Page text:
Black Cohosh: Insights into its Mechanism(s) of Action.

Ruhlen RL, Sun GY, Sauter ER - Integr Med Insights (2008)

NO production from cytokine-induced BV-2 cells pretreated with black cohosh from PureWorld (A), or MU Botanical Center (B). Data are expressed as mean % of cytokine-treated control ± SE. *P < 0.05 vs cytokine control.
© Copyright Policy - open-access
Related In: Results  -  Collection

License 1 - License 2
Show All Figures
getmorefigures.php?uid=PMC3046019&req=5

f3-imi-2008-021: NO production from cytokine-induced BV-2 cells pretreated with black cohosh from PureWorld (A), or MU Botanical Center (B). Data are expressed as mean % of cytokine-treated control ± SE. *P < 0.05 vs cytokine control.
Mentions: Addition of 130 μg/ml BCE did not alter NO production in BV-2 cells, but increased NO production in IFNγ-stimulated cells in a dose-dependent fashion from 0.13 to 130 μg/ml BCE. Specifically, addition of 130 μg/ml BCE increased NO production by 97 ± 30% over IFNγ alone (Fig. 3A). BCE (13 and 130 μg/ml) slightly increased NO production in LPS-stimulated cells. To determine if this effect was consistent across different sources of black cohosh, black cohosh harvested from the MU Botanical Center was obtained. This second BCE source (13 to 130 μg/ml) also induced NO production in a dose dependent fashion, with 54 ± 4% increase at 130 μg/ml over IFNγ alone (Fig. 3B).

Bottom Line: Although the mechanism by which BCE relieves symptoms is unknown, several hypotheses have been proposed: it acts 1) as a selective estrogen receptor modulator, 2) through serotonergic pathways, 3) as an antioxidant, or 4) on inflammatory pathways.We found that while the most prominent triterpene in BCE, 23-epi-26-deoxyactein, suppresses cytokine-induced nitric oxide production in brain microglial cells, the whole BCE extract actually enhanced this pathway.A variety of activities have been reported for black cohosh and its compounds, but the absorption and tissue distribution of these compounds is unknown.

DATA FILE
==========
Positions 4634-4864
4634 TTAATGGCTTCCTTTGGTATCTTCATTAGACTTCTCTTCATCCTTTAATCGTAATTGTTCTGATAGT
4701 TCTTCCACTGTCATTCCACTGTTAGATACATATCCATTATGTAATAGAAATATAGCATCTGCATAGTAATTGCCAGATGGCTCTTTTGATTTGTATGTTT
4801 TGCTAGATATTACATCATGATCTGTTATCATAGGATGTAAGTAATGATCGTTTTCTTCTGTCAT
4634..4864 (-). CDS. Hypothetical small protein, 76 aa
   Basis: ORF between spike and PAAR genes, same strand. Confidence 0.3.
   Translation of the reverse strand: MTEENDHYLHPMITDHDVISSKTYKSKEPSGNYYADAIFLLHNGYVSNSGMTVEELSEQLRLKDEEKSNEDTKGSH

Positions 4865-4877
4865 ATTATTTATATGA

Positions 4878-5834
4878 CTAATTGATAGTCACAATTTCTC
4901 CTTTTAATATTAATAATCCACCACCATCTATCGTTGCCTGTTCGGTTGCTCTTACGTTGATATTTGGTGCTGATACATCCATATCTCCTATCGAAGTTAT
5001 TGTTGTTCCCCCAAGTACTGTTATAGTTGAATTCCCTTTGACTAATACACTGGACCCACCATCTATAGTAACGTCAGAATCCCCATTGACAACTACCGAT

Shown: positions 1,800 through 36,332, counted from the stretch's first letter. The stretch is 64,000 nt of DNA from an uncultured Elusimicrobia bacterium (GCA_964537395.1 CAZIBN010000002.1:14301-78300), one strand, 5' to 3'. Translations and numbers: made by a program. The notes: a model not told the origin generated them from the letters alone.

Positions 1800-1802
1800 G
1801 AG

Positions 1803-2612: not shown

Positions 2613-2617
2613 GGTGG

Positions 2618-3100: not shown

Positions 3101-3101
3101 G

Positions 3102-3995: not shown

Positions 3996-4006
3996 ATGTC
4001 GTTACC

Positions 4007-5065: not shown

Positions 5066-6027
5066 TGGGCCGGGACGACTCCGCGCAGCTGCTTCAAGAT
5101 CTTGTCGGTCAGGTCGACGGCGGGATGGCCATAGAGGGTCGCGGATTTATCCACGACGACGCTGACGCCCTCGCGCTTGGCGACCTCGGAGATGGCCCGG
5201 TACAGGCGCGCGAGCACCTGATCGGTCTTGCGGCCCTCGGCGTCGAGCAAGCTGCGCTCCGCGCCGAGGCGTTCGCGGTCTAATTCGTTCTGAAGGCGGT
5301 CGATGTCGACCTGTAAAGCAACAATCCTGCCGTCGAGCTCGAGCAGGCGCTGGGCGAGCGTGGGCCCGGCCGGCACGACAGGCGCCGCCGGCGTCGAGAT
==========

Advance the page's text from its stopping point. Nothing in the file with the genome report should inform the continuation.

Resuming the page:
View Article: PubMed Central - PubMed

Affiliation: Departments of Surgery and.

ABSTRACT
The Women's Health Initiative found that combination estrogen and progesterone hormone replacement therapy increases breast cancer and cardiovascular disease risk, which compelled many women to seek herbal alternatives such as black cohosh extract (BCE) to relieve their menopausal symptoms. While several clinical trials document the efficacy of BCE in alleviating menopausal symptoms, preclinical studies to determine how BCE works have yielded conflicting results. Part of this is because there is not a universally accepted method to standardize the dose of black cohosh triterpenes, the presumed active ingredients in the extract. Although the mechanism by which BCE relieves symptoms is unknown, several hypotheses have been proposed: it acts 1) as a selective estrogen receptor modulator, 2) through serotonergic pathways, 3) as an antioxidant, or 4) on inflammatory pathways. We found that while the most prominent triterpene in BCE, 23-epi-26-deoxyactein, suppresses cytokine-induced nitric oxide production in brain microglial cells, the whole BCE extract actually enhanced this pathway. A variety of activities have been reported for black cohosh and its compounds, but the absorption and tissue distribution of these compounds is unknown.

No MeSH data available.


Related in: MedlinePlus